Global Dimensions

Global Dimensions

Computers and Composition 22 (2005) 395–396 Global Dimensions Dene Grigar Texas Woman’s University, P.O. Box 425829, Denton, TX 76204, USA The curre...

27KB Sizes 0 Downloads 27 Views

Computers and Composition 22 (2005) 395–396

Global Dimensions Dene Grigar Texas Woman’s University, P.O. Box 425829, Denton, TX 76204, USA

The current media art project I am working on involves a motion tracking system, several computers, two robotic lights, and a couple of projectors and screens installed in a fairly large, darkened space. My collaborators and I perform in the space, moving across it holding trackers in our hands and evoking light, sound, music, video, images, and words in the form of lines from a narrative poem—words both spoken and written. Sometimes the words show up on one of the screens; sometimes they hover in midair, highlighted by the smoke emitted from the smoke machine. When we were preparing the web site for the project, we struggled with what to call the genre of our work. To be sure, submission to media arts shows and funding agencies requires us to call it something. In the end, we settled on “narrative performance-installation.” That way, we argued to one other, the work fits two disciplines: literature and fine arts. But the term we chose bothers us still. The issue of what to call what we do—that web project that cannot neatly be designated hypertext despite the many links because video also functions as a predominant component or that web-based argumentative text that function as a computer game—challenges many of us who work with emergent systems. Go online to the Electronic Literature Organization’s (ELO) Directory and take a look at the difficulty its editors had in organizing the 2000+ works into various genres of so-called literature. The two essays included in this edition’s “Global Dimensions” address hybrid forms of writing. The first, by Randy Adams (Canada), entitled “It Only Needs A Name If You’re Writing About It,” tries to make sense of digital writing. The second, entitled “The Challenges of Hybrid Forms of Electronic Writing,” picks up Adams argument and analyzes the way in which the works found at the ELO’s Directory are named and organized. Taken together, the two pieces offer a debate about the language underlying definitions and descriptions of the writing we all do. A few words about Randy Adams. . .

I came across his name several years ago when I became involved with trAce Online Writing Centre, located online, of course, but hosted by the Nottingham Trent University in Nottingham, England. Like many of trAce’s denizens, Adams hails from somewhere else—British Columbia Email address: [email protected] 8755-4615/$ – see front matter © 2005 Elsevier Inc. All rights reserved. doi:10.1016/j.compcom.2005.05.008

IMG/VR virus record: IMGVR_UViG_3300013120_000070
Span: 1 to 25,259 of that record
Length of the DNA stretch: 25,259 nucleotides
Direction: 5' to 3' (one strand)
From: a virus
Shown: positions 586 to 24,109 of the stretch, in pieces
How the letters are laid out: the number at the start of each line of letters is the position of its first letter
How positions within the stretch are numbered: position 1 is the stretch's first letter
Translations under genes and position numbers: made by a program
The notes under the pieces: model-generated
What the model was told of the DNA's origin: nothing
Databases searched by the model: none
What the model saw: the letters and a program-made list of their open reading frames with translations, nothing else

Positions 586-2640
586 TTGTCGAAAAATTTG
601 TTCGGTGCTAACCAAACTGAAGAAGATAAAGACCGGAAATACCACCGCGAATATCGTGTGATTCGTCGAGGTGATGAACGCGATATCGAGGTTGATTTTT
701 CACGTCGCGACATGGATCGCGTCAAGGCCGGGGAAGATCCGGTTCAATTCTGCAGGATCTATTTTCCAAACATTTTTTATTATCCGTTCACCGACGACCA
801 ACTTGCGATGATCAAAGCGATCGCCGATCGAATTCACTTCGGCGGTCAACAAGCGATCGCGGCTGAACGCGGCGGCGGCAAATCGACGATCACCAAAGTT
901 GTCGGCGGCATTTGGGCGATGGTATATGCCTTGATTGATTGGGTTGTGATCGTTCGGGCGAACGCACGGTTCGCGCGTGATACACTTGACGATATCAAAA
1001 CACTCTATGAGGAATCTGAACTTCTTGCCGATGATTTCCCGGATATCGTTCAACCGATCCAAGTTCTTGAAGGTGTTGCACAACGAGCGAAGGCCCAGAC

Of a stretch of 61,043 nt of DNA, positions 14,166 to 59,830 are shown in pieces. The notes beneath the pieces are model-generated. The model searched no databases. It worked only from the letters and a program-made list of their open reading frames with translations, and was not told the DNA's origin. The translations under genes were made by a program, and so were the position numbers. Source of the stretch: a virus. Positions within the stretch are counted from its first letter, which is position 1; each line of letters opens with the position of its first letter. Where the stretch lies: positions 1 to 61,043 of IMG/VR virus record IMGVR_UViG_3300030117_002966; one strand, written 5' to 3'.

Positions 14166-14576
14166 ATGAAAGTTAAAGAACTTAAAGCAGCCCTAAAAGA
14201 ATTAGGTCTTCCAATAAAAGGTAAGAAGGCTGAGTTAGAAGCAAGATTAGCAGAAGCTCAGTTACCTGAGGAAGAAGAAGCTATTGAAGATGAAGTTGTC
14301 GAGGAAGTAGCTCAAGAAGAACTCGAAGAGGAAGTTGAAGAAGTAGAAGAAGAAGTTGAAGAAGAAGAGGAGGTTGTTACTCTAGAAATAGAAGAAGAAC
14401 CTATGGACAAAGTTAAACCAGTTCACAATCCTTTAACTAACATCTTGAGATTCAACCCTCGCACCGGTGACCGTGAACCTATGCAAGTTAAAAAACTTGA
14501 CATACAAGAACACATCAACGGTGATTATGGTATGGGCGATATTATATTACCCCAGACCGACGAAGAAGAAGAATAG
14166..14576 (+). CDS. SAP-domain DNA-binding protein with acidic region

D. Grigar / Computers and Composition 22 (2005) 395–396

to be exact. His name, listed as associate editor, sat cooly on the trAce masthead. It was not until I began researching the ELO Directory for articles and teaching sites, however, that I actually read anything he had written. His first piece collected by the ELO, “Block Piece,” dates back to 1998 and represents some of his earliest work. Many others have followed. “Contact,” his collaborative project that incorporates both music and images, produced with fellow Canadians Steve Gibson and Jim Andrews, defies easy description. The DVD, in fact, lists none, but it does identify Adams as the contributor of the piece’s images. Like many who create for the World Wide Web, Adams is a multifaceted artist, a photographer, who came to digital writing the way many of us have arrived—circuitously through other art forms, analog forms that required a shift in thinking. The essay he shares with us chronicles his evolution from a successful photographer to digital writer, a much sought after one, as much as it talks about the problem with naming the form he has chosen to express himself with. Accompanying his written essay are links found at C&C Online for those of you who wish to see, firsthand, his notion of digital writing—or whatever we call it.